Language Change in the Cordillera-A A +A
Wednesday, August 21, 2013
THERE are terminologies that past generations use that we no longer hear, or seldom if ever heard, in the present age band.
This was one of the main points that have interested me in a paper presented by a classmate, Ms. Jacqueline Gumangan at the Benguet State University graduate school regarding Kan-kanaey as spoken in Kayan, Tadian, Mountain Province. What has most drawn my attention was the presentation of those terminologies to back up the assertion as lifted from translations made by Kayan community elders of some Biblical text, prayer service guide, and Catholic prayers used in a Basic Ecclesial Community. Let me re-present some of these words for this column (in the following format -terminology used in the past/equivalent terminology commonly heard now (English meaning)): Manpuot/mansaludsod (to ask); initba/insungbat (replied); alluban/asawa (spouse); sang-adom/ed kasin (in the olden times); inibbeng/binaynay-an (forsaken); iyawad/idaton (offer); maipananam-os/maparparigat (oppressed); itutuyo/ibabawi (remorse); indundun/inbaa (sent); nakwas/nalpas (finished); napgangak/makain-inumak (I thirst).
The list is of course longer in her presentation, and she contends that more could possibly be documented.
This scenario of outdated words, if it can be referred to as such, is certainly not just of the Kayan Kankanaey among the languages in the Cordillera. Probably true to all. In my own native Ifugao language, there are words that are more commonly used today in substitute to what can be said as an older terminology. I would say older as the newer word may have been borrowed from other languages such as Ilocano. Listed below are some examples (arranged in the following format – Ifugao terminology commonly used at the present/ a more authentic Ifugao terminology (English meaning).)
Kumkumutti/um-umiddal (moving); sakit/dogo (illness); simmongbat/tinumbal (replied); niigid/nipingngit (on the side or edge); ipadas/ipatna (try); naimas/mapolhat (delicious); masukatan/mapallogan (to be changed); bahul/liwat (sin); nasabaliyan/nalumanan (changed); pinya/gaga’ad (pineapple).
Apparently, there is change happening in the languages. And of course, there is more to it than simply the replacement of commonplace terminologies in a current generation as compared to past generations. There are instances when change is synonymous to loss. Loss of words is for various reasons. One is economic. For instance, in my native tongue, balkog, dukkun, ihhai and pihhita – 1,5,10 and 20 centavos respectively, are seldom used for obvious reasons).
Another is technological advancement. Again, in the Ifugao language, muntalanu (cock’s crow), mun-abi-a (daybreak), munawiwi’it (early morning), nunggawa (sun is up), nawod (sun is high), naiwil (just after high noon), nalimuy algo (sun has set), munhinag (twilight) are now seldom heard in every conversation because of more precise way of telling time such from a watch and the mobile phone. The most dispiriting part though of losing words, or in general the language is when the opportunity of learning does not exist or is missed. Example, many including myself do not know the species of trees indigenous to Cordillera forests nor the weeds and flowers that simply sprout along the everyday path.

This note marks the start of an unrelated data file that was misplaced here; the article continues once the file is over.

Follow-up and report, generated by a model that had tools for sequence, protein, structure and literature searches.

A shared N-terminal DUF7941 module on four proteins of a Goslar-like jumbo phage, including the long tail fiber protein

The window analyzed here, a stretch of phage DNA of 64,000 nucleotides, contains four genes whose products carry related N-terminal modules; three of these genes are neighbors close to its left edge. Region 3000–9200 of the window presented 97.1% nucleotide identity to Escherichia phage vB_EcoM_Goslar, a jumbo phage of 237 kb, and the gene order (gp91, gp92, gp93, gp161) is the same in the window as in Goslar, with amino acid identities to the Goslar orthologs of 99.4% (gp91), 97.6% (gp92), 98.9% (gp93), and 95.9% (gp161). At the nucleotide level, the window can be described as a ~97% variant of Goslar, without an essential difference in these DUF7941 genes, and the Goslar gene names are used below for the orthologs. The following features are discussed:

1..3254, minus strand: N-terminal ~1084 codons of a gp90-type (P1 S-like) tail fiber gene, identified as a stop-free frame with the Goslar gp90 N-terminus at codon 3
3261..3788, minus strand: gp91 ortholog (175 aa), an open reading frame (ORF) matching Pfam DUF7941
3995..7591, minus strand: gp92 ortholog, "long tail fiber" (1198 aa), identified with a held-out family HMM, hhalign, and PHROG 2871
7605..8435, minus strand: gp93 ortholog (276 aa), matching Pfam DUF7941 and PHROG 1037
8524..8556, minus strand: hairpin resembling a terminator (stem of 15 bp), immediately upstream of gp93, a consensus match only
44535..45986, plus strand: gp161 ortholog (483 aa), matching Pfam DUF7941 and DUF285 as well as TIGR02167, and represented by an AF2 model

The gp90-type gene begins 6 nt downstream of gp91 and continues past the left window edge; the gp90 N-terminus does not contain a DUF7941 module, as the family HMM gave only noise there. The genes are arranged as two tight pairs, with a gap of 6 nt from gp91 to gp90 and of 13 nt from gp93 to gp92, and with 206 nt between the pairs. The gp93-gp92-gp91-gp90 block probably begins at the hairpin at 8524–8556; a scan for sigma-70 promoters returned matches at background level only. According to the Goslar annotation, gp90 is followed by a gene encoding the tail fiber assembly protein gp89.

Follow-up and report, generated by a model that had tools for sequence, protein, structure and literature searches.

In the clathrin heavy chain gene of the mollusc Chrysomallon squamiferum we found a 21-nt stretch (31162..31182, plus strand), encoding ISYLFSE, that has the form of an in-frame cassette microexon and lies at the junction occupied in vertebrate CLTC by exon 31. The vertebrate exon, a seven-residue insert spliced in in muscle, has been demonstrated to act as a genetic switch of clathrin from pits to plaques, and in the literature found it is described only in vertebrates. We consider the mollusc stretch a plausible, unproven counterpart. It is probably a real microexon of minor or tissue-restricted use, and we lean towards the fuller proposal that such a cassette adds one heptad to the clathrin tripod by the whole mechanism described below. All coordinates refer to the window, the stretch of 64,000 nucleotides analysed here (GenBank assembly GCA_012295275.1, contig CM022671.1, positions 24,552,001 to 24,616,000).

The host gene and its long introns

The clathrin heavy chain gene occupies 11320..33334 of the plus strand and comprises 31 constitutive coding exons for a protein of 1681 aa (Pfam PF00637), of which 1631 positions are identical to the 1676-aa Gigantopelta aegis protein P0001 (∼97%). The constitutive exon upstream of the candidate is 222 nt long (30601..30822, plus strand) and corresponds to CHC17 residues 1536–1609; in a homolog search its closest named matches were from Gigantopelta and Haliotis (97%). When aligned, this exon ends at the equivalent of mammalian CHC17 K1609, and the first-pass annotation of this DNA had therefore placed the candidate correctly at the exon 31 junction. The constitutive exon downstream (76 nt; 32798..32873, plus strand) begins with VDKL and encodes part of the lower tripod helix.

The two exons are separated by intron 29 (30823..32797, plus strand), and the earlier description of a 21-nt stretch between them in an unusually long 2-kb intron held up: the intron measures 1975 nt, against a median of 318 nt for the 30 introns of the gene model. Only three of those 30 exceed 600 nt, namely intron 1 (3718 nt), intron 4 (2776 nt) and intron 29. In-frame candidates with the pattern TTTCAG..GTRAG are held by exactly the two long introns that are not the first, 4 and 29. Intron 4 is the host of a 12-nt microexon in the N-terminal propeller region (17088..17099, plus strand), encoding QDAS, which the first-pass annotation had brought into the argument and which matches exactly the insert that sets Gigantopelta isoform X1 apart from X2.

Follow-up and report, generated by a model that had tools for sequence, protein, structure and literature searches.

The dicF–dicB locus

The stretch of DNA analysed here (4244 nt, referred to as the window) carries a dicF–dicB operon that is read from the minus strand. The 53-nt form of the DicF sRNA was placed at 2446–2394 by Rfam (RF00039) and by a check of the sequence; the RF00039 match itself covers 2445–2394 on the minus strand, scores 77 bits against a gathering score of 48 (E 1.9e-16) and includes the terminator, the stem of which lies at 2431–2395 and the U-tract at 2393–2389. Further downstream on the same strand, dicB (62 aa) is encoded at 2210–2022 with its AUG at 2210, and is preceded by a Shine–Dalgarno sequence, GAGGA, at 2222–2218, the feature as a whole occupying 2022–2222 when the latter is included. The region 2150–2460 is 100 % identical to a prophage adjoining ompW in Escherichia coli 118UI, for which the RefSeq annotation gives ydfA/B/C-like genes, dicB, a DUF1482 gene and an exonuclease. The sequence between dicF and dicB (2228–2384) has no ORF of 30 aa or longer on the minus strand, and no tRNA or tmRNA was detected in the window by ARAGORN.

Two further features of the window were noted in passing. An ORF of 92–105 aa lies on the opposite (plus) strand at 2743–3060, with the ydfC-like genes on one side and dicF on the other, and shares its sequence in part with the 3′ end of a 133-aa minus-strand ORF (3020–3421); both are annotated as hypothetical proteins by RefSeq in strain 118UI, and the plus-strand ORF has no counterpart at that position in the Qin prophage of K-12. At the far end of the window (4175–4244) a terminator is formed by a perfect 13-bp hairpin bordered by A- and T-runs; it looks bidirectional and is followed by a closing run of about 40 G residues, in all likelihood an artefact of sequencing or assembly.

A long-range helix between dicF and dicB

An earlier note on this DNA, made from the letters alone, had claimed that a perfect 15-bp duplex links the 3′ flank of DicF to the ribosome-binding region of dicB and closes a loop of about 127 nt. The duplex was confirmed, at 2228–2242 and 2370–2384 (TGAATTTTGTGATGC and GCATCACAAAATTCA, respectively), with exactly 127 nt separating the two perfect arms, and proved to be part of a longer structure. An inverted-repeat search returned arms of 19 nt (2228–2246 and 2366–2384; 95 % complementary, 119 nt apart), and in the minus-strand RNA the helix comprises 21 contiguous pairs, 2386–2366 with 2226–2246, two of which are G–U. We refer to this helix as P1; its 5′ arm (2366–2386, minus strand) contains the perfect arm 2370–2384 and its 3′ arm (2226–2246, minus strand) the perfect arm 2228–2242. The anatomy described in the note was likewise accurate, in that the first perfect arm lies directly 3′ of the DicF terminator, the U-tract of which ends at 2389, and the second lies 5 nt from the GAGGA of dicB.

Also, the ethnic names of tools and wares are not popular to the present generation. Yet, the indigenous flora and fauna, ethnic tools and wares are part of the traditional knowledge of a people.
Experts say that language change is a natural phenomenon. Yet it should concern us because it is the medium by which indigenous knowledge and identity as a people is transmitted from one generation to the other. Lawrence Reid in his paper entitled “Who are the Indigenous?” published in the Cordillera Review: Journal of Philippine Culture and Society dated March 2009 (accessible from www2.hawaii.edu) said that it is “disheartening” when the “unique richness” of a language is endangered.
The Kan-kanaey language, the Ifugao language, or the other Cordilleran language that we speak today certainly will no longer be the same language that will be spoken tomorrow. The point is, they should still be known as Kan-kanaey, Ifugao or whatever name they known today. That is, their uniqueness should be preserved. One author said, the Old English evolved into what is now known as New English but we knew that there was Old English because we still read literature written in that language today(also read as the Old English is still relevant because it is preserved even if it evolved). In the same way, the our language can be known New Kan-kanaey, New Ifugao, etc. in the future but people then will know our words today because writings have them.
Published in the Sun.Star Baguio newspaper on August 22, 2013.